Campaign is One of the Largest Coordinated Information Act Requests in American History
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PORTLAND – Today, the Maine Civil Liberties Union Foundation (MCLU), along with 32 other ACLU affiliates across the nation, is sending requests to local law enforcement agencies large and small demanding to know when, why and how they are using cell phone location data to track Americans. The campaign is one of the largest coordinated information act requests in American history. The requests, being filed under the states' freedom of information laws, are an effort to strip away the secrecy that has surrounded law enforcement use of cell phone tracking capabilities.
“Cell phone location data is incredibly powerful because it potentially reveals our interests, our associations, our medical needs, and even our political views,” said MCLU Legal Director Zachary Heiden. “The public has a right to know how and under what circumstances the police are obtaining that information. The Constitution protects our right to be left alone.”
Law enforcement agencies are being asked for information including:
whether law enforcement agents demonstrate probable cause and obtain a warrant to access cell phone location data;
statistics on how frequently law enforcement agencies obtain cell phone location data;
how much money law enforcement agencies spend tracking cell phones and
other policies and procedures used for acquiring location data.
Law enforcement’s use of cell phone location data has been widespread for years, although it has become increasingly controversial recently. Last week, the general counsel of the National Security Agency suggested to members of Congress that the NSA might have the authority to collect the location information of American citizens inside the U.S. Also, this spring, researchers revealed that iPhones were collecting and storing location information in unknown files on the phone. Police in Michigan sought information about every cell phone near the site of a planned labor protest.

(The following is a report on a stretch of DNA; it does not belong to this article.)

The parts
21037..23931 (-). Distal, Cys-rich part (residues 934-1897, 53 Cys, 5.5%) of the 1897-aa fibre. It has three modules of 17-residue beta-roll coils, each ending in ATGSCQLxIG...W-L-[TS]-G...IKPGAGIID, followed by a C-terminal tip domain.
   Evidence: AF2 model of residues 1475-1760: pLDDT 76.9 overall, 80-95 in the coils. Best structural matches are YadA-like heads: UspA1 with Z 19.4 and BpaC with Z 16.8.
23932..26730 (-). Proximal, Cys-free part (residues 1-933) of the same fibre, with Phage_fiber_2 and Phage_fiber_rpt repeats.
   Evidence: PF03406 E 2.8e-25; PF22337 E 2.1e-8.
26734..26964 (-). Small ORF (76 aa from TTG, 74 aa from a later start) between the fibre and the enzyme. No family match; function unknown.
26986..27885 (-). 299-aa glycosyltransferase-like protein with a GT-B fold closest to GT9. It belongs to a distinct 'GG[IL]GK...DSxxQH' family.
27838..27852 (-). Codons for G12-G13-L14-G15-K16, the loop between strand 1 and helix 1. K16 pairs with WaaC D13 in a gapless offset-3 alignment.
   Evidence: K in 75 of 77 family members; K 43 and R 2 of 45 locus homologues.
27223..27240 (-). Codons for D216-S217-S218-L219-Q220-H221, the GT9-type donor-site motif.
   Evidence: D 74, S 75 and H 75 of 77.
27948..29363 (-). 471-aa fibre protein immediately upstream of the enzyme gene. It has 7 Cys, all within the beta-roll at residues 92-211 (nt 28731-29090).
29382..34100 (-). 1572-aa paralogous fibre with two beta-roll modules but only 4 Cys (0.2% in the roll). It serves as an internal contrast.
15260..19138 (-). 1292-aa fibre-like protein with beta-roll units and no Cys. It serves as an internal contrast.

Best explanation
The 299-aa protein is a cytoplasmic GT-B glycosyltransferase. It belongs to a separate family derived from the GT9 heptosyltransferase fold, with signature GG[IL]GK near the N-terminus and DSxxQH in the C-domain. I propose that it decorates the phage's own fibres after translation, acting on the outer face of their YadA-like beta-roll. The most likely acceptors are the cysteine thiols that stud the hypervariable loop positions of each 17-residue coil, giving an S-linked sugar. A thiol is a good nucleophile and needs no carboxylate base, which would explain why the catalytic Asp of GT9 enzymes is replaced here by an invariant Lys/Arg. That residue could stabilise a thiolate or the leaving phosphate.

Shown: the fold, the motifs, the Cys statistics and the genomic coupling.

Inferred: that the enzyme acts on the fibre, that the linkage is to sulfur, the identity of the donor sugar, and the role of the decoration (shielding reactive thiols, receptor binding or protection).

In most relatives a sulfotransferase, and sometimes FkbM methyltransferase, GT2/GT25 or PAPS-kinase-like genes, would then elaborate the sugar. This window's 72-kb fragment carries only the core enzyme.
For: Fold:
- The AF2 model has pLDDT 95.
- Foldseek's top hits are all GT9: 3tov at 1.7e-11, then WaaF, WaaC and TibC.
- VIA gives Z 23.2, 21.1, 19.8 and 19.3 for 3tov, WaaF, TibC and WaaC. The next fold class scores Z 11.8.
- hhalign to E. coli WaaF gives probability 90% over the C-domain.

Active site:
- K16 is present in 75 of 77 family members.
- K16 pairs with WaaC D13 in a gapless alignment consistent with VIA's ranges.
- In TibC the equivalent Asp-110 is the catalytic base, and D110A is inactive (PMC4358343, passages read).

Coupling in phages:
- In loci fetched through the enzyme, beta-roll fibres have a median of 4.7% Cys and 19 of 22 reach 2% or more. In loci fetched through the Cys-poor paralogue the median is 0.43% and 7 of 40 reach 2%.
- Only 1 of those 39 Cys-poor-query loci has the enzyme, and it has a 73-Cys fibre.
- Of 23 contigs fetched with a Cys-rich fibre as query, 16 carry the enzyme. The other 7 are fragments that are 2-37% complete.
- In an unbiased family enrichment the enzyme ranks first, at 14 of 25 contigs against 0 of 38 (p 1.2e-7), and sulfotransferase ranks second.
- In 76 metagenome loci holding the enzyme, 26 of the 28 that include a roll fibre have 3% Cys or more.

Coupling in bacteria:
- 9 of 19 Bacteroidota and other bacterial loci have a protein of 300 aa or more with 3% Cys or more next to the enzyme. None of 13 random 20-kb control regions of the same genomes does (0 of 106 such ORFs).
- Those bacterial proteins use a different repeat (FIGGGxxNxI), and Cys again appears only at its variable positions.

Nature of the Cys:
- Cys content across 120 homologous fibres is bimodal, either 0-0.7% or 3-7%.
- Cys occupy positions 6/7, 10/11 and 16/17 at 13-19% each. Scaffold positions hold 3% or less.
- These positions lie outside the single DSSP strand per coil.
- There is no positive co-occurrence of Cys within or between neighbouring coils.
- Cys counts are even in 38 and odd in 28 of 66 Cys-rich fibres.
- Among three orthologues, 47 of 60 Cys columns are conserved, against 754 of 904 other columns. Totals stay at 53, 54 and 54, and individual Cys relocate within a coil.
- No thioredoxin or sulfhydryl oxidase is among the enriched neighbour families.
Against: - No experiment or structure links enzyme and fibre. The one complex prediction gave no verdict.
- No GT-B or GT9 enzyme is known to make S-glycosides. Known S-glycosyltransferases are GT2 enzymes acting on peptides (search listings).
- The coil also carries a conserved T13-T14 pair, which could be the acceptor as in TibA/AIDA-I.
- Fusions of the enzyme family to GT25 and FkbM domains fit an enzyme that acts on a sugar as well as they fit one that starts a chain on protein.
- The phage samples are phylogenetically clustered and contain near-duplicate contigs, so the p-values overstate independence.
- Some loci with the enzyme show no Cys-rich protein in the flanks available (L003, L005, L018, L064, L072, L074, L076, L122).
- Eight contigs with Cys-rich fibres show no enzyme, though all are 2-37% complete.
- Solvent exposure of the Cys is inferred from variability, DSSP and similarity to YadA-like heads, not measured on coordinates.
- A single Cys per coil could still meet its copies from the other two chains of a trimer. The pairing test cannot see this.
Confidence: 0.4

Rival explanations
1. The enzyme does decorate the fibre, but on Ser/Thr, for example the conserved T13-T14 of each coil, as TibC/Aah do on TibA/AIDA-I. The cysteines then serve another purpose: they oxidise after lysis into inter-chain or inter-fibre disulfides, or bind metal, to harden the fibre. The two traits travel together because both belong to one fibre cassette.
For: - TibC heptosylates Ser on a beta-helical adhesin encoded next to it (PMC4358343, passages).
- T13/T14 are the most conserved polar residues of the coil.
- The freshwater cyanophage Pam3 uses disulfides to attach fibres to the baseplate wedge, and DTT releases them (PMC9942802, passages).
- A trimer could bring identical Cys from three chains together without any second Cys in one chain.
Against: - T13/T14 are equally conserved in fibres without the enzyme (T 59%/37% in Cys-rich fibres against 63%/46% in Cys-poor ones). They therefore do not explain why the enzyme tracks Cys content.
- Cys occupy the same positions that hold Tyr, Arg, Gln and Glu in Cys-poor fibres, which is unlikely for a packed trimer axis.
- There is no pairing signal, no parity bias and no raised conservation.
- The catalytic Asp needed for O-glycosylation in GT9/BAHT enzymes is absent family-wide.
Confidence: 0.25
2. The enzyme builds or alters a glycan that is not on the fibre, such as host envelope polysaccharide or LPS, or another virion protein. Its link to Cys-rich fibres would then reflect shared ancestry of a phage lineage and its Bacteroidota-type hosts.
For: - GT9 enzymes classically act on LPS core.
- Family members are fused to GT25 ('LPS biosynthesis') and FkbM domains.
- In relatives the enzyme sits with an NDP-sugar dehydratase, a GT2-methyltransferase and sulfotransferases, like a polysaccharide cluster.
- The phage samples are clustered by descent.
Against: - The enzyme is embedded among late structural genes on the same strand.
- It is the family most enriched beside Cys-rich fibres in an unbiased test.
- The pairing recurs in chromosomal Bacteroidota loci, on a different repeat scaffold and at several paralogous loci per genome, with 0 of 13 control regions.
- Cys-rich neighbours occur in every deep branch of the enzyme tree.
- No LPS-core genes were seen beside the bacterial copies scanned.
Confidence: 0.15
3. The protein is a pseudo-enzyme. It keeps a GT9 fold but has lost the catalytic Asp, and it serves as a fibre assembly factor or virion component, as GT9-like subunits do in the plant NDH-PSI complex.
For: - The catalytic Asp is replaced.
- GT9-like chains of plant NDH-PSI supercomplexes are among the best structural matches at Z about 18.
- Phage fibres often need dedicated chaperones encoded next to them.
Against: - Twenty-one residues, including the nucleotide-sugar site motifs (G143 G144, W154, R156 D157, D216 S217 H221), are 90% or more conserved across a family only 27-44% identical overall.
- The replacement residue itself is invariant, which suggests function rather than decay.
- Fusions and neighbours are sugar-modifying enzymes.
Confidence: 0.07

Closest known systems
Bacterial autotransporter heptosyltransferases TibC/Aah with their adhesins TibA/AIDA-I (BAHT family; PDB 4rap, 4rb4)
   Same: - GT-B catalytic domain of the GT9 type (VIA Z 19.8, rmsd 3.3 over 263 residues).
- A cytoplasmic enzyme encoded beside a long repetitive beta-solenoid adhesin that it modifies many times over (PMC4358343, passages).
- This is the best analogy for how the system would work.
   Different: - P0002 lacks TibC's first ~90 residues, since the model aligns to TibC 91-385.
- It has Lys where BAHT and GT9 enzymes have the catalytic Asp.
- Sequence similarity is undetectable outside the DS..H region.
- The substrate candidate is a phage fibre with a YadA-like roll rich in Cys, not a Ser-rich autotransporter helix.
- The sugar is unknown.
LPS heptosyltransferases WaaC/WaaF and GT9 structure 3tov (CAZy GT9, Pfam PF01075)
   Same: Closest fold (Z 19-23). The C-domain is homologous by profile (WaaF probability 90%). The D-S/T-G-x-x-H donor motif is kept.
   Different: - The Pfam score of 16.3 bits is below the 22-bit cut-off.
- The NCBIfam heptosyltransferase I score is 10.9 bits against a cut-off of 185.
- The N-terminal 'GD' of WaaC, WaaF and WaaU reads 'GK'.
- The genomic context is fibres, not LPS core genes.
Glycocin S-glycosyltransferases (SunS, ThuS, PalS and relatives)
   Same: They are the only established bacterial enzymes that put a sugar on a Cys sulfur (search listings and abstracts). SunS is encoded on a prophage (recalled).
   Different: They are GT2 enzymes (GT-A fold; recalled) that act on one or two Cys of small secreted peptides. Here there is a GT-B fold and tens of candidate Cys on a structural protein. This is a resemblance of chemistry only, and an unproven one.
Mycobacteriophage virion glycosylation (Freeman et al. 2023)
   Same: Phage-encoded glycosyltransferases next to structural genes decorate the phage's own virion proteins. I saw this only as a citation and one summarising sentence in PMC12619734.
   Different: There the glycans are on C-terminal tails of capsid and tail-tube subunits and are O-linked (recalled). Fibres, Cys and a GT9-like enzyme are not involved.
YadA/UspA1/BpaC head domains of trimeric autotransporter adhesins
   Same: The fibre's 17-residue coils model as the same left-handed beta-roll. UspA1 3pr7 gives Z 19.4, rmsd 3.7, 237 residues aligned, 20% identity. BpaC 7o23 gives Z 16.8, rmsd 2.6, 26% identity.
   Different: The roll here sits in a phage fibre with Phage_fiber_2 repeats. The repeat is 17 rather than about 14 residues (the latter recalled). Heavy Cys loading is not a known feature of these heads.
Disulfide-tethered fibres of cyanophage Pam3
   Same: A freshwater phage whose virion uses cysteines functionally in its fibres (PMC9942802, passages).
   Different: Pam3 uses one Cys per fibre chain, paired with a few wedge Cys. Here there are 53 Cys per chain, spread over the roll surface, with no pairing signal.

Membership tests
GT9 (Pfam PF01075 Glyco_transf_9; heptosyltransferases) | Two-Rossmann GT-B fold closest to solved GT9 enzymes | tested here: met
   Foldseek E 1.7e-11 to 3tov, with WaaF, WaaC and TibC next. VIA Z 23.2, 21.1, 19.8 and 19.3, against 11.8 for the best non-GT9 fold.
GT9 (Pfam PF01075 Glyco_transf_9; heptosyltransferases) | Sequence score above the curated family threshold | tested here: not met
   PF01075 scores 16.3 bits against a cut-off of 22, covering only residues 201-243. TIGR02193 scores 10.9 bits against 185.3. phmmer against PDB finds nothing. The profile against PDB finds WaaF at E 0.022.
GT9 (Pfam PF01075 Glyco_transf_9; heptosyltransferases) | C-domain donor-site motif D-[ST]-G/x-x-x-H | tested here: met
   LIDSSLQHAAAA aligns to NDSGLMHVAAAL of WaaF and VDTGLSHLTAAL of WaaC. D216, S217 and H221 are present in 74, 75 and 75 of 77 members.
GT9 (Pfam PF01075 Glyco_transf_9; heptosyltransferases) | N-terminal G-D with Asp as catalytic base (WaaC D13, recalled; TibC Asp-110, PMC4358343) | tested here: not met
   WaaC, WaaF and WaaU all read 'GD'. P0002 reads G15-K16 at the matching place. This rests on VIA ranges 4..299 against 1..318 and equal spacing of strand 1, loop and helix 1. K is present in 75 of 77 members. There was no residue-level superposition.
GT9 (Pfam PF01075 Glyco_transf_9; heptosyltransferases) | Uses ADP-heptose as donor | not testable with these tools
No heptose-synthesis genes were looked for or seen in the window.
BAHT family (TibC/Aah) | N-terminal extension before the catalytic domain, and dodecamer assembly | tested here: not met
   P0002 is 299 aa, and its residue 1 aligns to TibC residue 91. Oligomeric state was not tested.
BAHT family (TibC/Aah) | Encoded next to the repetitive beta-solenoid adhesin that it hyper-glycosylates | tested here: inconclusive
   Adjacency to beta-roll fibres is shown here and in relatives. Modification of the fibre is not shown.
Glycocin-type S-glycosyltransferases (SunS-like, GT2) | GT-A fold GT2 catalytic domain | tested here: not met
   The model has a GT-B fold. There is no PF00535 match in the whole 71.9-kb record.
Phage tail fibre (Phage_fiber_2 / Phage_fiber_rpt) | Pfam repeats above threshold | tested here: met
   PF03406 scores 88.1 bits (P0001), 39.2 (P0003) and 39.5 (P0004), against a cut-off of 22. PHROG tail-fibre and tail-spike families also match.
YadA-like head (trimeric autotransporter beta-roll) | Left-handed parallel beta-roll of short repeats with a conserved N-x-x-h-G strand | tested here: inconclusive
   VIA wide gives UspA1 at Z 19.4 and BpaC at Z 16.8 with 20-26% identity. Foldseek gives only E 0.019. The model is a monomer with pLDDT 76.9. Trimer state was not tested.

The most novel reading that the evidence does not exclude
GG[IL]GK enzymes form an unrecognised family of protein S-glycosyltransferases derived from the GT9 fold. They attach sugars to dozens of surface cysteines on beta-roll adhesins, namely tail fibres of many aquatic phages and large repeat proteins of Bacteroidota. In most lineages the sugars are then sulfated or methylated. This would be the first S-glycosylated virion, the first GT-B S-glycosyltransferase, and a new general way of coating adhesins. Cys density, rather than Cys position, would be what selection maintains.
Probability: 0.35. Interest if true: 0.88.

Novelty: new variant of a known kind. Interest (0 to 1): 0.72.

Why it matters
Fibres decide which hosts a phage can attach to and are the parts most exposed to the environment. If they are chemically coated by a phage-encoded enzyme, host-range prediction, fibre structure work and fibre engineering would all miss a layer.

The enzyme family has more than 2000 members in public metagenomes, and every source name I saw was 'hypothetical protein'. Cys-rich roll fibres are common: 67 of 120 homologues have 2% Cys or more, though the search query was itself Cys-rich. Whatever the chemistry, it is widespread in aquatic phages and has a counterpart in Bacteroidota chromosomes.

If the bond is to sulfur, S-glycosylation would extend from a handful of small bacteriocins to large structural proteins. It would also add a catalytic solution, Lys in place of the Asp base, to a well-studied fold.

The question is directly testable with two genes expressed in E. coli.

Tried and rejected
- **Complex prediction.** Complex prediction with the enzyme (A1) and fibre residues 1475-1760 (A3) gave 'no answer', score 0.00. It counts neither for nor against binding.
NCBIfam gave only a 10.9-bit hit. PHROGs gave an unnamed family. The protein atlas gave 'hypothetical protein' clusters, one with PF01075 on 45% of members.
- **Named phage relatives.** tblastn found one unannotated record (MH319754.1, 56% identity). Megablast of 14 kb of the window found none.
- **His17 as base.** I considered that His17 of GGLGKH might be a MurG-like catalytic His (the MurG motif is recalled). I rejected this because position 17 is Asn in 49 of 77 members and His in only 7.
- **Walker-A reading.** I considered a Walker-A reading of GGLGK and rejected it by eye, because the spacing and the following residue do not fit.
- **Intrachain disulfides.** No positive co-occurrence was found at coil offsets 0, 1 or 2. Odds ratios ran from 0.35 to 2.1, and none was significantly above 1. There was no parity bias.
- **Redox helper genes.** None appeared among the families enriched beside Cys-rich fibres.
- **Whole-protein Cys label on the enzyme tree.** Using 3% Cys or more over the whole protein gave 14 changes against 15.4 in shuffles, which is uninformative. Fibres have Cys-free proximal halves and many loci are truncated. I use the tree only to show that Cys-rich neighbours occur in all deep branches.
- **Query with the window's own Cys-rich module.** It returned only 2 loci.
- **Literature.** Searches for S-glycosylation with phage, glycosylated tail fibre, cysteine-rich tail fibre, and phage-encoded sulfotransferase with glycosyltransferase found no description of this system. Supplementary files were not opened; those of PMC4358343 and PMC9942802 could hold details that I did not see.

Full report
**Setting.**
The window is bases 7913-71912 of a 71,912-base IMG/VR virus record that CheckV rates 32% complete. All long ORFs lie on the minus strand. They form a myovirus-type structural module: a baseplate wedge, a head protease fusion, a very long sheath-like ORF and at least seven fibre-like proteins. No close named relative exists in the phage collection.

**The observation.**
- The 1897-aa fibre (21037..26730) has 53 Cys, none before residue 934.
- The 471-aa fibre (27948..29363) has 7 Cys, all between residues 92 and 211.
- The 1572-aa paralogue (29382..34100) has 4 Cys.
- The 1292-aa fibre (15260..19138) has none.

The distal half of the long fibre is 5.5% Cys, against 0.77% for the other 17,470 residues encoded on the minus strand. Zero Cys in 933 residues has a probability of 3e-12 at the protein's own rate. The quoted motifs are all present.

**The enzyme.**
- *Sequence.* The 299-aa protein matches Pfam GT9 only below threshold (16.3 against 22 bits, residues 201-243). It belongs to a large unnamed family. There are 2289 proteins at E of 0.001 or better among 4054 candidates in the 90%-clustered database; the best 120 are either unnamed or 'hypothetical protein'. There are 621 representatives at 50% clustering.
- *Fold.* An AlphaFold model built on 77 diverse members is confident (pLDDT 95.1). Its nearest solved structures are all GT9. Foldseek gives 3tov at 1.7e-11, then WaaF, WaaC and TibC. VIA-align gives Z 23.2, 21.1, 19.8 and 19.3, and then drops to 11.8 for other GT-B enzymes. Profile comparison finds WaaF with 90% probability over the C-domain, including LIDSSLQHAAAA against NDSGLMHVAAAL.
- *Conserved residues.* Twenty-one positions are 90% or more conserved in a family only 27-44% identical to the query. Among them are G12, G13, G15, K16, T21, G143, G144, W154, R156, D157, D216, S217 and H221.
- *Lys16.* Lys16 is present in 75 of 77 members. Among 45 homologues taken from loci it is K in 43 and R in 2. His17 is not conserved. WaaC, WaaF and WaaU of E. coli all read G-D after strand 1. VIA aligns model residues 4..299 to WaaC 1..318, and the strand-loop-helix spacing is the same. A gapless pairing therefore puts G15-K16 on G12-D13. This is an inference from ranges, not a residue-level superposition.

The U.S. Supreme Court has agreed to decide next term whether police need a warrant to place a GPS tracking device on a person's vehicle. While that case does not involve cell phones, it could influence the rules police have to follow for cell phone tracking.
“Most Americans carry cell phones, but that should not automatically make us targets of police surveillance,” said MCLU Executive Director Shenna Bellows. “Unfortunately, people never find out they are being tracked unless they are later accused of committing a crime, but that turns the presumption of innocence on its head.”
Congress is considering the Geolocation Privacy and Surveillance Act (with the support of the ACLU), which would require police to get a warrant to obtain personal location information. The bill would protect both historical and real-time location data, and would also require customers' consent for telecommunications companies to collect location data.
Today’s requests are part of the ACLU’s Demand Your dotRights Campaign, the organization’s campaign to make sure that as technology advances, privacy rights are not left behind.
In total, more than 365 information requests were filed with law enforcement agencies across the country. Here in Maine, requests were filed with the Maine State Police, the Maine Drug Enforcement Agency, and the police and sheriff’s departments of Maine’s largest cities and counties.
More information about the requests is available at http://www.aclu.org/protecting-civil-liberties-digital-age/cell-phone-lo... .